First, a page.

by Chris Hedges
Artists, writers, poets, activists, journalists, philosophers, dancers, musicians, actors, directors and renegades must be tolerated if a culture is to be pulled back from disaster.
Members of this intellectual and artistic class, who are usually not welcome in the stultifying halls of academia where mediocrity is triumphant, serve as prophets.
Human societies see what they want to see.
This is what nationalism is about - lies.
And if a culture loses its ability for thought and expression, if it effectively silences dissident voices, if it retreats into what Sigmund Freud called “screen memories,” those reassuring mixtures of fact and fiction, it dies.
It surrenders its internal mechanism for puncturing self-delusion. It makes war on beauty and truth. It abolishes the sacred. It turns education into vocational training. It leaves us blind.
And this is what has occurred. We are
lost at sea in a great tempest. We do not know where we are. We do
not know where we are going. And we do not know what is about to
happen to us.
He notes that often we have access to adequate knowledge but because it is unpleasant and disconcerting we choose unconsciously, and sometimes consciously, to ignore it. He uses the Oedipus story to make his point. He argued that Oedipus, Jocasta, Creon and the “blind” Tiresias grasped the truth, that Oedipus had killed his father and married his mother as prophesized, but they colluded to ignore it.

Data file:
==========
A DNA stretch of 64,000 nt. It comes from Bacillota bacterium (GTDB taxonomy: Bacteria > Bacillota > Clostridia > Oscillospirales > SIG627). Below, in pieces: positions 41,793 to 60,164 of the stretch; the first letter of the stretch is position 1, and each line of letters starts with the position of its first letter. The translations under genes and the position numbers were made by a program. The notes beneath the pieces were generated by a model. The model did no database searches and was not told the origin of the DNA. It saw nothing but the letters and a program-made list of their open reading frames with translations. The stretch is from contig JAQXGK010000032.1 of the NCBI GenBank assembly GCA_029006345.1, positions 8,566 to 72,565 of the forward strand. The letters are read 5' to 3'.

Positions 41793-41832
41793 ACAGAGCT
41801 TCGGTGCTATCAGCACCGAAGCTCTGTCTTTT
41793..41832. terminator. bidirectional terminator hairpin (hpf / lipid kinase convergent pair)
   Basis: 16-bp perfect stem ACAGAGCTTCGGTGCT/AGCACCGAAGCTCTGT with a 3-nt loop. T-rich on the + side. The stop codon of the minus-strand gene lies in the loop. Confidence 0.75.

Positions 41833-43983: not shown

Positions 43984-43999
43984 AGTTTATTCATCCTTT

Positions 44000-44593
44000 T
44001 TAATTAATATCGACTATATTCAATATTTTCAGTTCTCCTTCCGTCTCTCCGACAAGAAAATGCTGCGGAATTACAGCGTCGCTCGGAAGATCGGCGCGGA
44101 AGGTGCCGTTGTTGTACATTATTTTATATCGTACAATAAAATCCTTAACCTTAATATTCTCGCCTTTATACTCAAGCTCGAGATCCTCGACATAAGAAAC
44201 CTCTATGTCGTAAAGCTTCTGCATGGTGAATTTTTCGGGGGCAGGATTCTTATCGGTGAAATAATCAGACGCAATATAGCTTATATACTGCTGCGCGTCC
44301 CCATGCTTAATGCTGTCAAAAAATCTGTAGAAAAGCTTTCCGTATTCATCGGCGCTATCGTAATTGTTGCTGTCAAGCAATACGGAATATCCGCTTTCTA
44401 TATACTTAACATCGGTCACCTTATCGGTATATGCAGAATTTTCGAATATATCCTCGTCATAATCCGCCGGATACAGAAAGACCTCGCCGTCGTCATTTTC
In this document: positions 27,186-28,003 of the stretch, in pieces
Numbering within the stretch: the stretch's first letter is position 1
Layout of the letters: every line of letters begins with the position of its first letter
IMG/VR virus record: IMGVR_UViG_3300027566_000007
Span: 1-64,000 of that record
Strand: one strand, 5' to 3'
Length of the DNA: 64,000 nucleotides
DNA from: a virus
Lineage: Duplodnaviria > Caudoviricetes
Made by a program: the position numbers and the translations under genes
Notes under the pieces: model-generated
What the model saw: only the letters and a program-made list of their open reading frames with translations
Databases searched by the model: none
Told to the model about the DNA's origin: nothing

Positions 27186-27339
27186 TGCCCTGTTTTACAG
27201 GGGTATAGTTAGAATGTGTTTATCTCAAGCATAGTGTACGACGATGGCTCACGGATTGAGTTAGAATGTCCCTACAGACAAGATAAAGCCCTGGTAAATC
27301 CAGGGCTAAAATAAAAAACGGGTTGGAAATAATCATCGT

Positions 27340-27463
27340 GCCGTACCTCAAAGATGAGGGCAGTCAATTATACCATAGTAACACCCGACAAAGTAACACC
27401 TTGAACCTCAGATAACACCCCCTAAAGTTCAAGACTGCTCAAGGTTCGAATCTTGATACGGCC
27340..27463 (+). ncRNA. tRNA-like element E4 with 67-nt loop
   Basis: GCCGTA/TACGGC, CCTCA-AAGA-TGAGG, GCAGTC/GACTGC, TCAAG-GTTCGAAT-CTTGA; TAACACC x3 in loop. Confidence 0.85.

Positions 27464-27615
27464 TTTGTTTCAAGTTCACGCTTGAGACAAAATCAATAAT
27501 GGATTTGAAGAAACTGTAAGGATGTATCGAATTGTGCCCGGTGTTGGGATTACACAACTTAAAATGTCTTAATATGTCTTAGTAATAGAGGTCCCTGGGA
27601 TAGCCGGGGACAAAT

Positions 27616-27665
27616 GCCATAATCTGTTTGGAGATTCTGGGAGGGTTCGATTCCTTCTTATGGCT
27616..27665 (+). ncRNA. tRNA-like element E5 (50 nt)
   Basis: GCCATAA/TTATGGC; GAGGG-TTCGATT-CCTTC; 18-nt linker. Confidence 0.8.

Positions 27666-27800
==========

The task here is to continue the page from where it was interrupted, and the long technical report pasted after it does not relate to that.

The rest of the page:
We too, Steiner wrote, turn a blind eye
to the dangers that confront us, despite the plethora of evidence
that if we do not radically reconfigure our relationships to each
other and the natural world, catastrophe is assured. Steiner
describes a psychological truth that is deeply frightening.
And we are equally self-deluded.
The physical evidence of national decay - the crumbling infrastructures, the abandoned factories and other workplaces, the rows of gutted warehouses, the closure of libraries, schools, fire stations and post offices - that we physically see, is, in fact, unseen.
The rapid and terrifying deterioration
of the ecosystem, evidenced in soaring temperatures, droughts,
floods, crop destruction, freak storms, melting ice caps and rising
sea levels, are met blankly with Steiner’s “blind eye.”
He dies, in Antigone’s words,
William Shakespeare in “King Lear” plays on the same theme of sight and sightlessness.
Those with eyes in “King Lear” are unable to see.
Gloucester, whose eyes are gouged out, finds in his blindness a revealed truth.
When Lear banishes his only loyal daughter, Cordelia, whom he accuses of not loving him enough, he shouts:
To which Kent replies:
The story of Lear, like the story of Oedipus, is about the attainment of this inner vision.
It is about morality and intellect that are blinded by empiricism and sight. It is about understanding that the human imagination is, as William Blake saw, our manifestation of Eternity.
The Shakespearean scholar Harold Goddard wrote:
There are, as Shakespeare wrote,
But these things are not vocational or factual or empirical.